2.0.1 – June 20, 2016
- Fixed a bug where every other track would be skipped in Safari.
- Updated jquery.cue.js to version 1.1.7. Disables playlist looping.
- Updated the Gamajo Template Loader library to 1.2.0.
2.0.0 – May 23, 2016
- Refactored the code to make it easier to maintain.
- Disabled automatic looping when a playlist is finished playing.
- Removed bundled language files in favor of WordPress.org language packs. Translate here.
- Updated jquery.cue.js to version 1.1.6.
1.3.1 – February 17, 2016
- Added a
containerargument to the
cue_playlist()template tag to disable the container.
- Added a
pring_dataargument to the
cue_playlist()template tag to disable the JSON data.
1.3.0 – December 30, 2015
- Added a volume bar to the default player.
- Display a “(no title)” placeholder in the admin panel if a track doesn’t have a title.
- Added some missing text domains to translation functions.
- Added actions in the playlist template to make it easier to output additional details.
- Updated jquery.cue.js to 1.1.4.
- Updated the AudioTheme icon.
1.2.9 – April 8, 2015
- Update the TinyMCE preview for WordPress 4.2.
1.2.8 – March 27, 2015
- Added French translation.
1.2.7 – March 2, 2015
- Fixed a broken link in the Customizer when there aren’t any published playlists.
1.2.6 – December 17, 2014
- Added previews for the shortcode in the visual editor.
- Fixed an error in the Customizer when there weren’t any published playlists.
- Fixed the allowed file types when uploading.
- Fixed the SVG blur filter when previewing in the Customizer.
- Updated jquery.cue.js to 1.1.3
1.2.5 – November 19, 2014
- Fixed bug that caused playlists in widgets to disappear.
- Hide the previous and next track buttons when a playlist only has one track.
1.2.4 – November 14, 2014
- Added a ‘show_playlist’ shortcode attribute to toggle the playlist visibility.
- Absolutely positioned the SVG filter to remove it from the document flow and prevent it from creating empty space in some browsers.
- Added a message in the Customizer for registered players if a playlist hasn’t been published yet.
- Updated jquery.cue.js to 1.1.1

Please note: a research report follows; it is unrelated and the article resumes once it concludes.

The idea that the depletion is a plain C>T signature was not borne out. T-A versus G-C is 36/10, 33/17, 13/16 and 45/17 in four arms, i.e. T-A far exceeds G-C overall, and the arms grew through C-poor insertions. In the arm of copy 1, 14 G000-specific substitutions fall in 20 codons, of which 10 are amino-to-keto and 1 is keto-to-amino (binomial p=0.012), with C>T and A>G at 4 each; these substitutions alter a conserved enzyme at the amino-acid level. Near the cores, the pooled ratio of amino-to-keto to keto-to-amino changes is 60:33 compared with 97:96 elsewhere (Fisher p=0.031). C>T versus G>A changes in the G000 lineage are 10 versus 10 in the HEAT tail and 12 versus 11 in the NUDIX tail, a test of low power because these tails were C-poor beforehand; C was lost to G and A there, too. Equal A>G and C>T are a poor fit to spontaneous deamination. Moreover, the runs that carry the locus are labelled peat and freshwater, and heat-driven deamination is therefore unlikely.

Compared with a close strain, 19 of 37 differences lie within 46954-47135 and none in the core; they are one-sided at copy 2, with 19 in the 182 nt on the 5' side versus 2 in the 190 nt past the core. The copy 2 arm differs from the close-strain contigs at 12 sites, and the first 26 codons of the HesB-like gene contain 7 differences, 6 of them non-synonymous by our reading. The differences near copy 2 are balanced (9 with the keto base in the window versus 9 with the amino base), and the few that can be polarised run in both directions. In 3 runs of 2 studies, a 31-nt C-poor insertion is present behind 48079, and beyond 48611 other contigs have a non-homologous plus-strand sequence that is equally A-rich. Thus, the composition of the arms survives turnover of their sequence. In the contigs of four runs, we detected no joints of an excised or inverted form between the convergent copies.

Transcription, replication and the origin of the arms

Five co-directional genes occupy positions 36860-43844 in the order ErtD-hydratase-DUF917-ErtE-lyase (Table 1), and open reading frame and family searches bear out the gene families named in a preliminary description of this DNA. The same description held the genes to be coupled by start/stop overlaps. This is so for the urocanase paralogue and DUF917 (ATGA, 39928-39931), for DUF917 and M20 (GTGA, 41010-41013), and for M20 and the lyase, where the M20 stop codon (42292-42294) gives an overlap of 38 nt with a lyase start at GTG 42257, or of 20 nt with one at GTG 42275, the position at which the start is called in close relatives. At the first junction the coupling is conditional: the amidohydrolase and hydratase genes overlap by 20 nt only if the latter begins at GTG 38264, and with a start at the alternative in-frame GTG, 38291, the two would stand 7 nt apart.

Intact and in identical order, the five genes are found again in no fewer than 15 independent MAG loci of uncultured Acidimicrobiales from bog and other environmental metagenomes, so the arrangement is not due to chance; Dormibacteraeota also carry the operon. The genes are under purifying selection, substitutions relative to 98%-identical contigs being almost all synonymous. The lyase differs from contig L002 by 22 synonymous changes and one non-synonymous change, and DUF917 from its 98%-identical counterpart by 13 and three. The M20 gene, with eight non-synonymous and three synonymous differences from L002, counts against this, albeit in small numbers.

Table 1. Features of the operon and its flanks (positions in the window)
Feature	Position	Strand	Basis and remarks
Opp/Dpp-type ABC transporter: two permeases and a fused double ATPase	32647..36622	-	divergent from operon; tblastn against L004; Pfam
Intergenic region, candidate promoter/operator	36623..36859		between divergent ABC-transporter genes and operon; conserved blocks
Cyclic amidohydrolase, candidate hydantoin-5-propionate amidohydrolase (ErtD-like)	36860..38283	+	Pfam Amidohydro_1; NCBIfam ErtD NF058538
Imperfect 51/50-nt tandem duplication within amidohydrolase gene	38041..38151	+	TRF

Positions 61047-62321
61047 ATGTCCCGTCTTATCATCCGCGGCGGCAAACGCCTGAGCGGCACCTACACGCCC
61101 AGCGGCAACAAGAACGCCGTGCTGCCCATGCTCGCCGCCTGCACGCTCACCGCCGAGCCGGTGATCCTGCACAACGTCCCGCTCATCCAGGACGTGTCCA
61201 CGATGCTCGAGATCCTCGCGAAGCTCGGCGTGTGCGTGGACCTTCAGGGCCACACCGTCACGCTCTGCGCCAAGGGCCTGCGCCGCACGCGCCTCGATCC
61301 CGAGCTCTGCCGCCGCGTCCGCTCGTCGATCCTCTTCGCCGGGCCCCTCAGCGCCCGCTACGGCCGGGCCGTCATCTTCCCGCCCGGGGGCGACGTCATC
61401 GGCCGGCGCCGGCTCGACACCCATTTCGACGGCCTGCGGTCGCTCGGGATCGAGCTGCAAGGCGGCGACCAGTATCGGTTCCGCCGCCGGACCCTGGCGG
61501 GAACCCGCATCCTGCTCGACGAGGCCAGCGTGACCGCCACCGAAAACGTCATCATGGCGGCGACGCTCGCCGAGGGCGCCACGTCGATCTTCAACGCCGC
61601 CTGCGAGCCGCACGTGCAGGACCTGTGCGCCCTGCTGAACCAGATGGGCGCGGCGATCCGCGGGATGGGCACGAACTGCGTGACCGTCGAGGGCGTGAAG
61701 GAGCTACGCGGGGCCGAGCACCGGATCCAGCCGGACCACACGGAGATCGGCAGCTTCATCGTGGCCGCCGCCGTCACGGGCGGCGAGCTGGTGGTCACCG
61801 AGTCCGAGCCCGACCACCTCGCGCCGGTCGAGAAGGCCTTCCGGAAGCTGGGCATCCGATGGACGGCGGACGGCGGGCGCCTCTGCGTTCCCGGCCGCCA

1.2.3 – September 19, 2014
- Fixed the blur effect in Firefox.
- Created a solution that should provide a blur alternative in IE.
- Removed the blur script dependency in favor of an SVG filter.
- Switched to inline styles to size audio elements instead of invalid attributes.
1.2.2 – August 18, 2014
- Fixed the feature that allowed the background image to be used as the default track artwork.
1.2.1 – August 16, 2014
- Fixed the background image based on the post thumbnail feature.
1.2.0 – August 14, 2014
- Added Brazilian Portuguese translation.
- Abstracted the core MediaElement.js functionality into a new jQuery plugin.
- Improved responsiveness of the administration screen.
- Added the third argument to the [cue] shortcode handler so it can be filtered.
- Fixed the syntax for jQuery event triggers with multiple parameters.
- Namespaced the window resize event.
- Renamed /scripts and /styles assets directories to /js and /css.
- Sanitized tracks in the AJAX save callback.
- Allow an empty option to be selected for a player in the Customizer so it can be disabled.
- Pass player ids and arguments through various hooks for context.
- Prevent the playlist from displaying if it doesn’t have any tracks.
1.1.2 – July 30, 2014
- Fixed a sorting issue that caused the order of tracks to not be saved correctly.
1.1.1 – May 8, 2014
- Added a customizer section to allow playlists to be selected for players registered by themes.
- Added a new property to tracks returned by get_cue_playlist_tracks() for easier use with jPlayer.
- Added CSS to try to remove padding and margin on track lists in widgets.
- Mimic the track JSON format used by core.
1.1.0 – February 20, 2014
- Featured images are now used for the player background image if set.
- Featured images will also be used as the default track artwork if it’s missing.
- Added a feature to allow themes to register players that can be assigned playlists.
- Added a default container div around playlists.
- Updated the default template to remove the JSON settings script. It’s now inserted using a hook.
- Refactored the structure of the codebase.
- Removed extraneous filters for loading translation files.
- Fixed a bug in the template loader to prevent general templates from overriding more specific ones.
1.0.1 – February 11, 2014
- Fix a bug where multiple playlists on a page would all include the same tracks.
1.0.0 – February 4, 2014
- Initial release.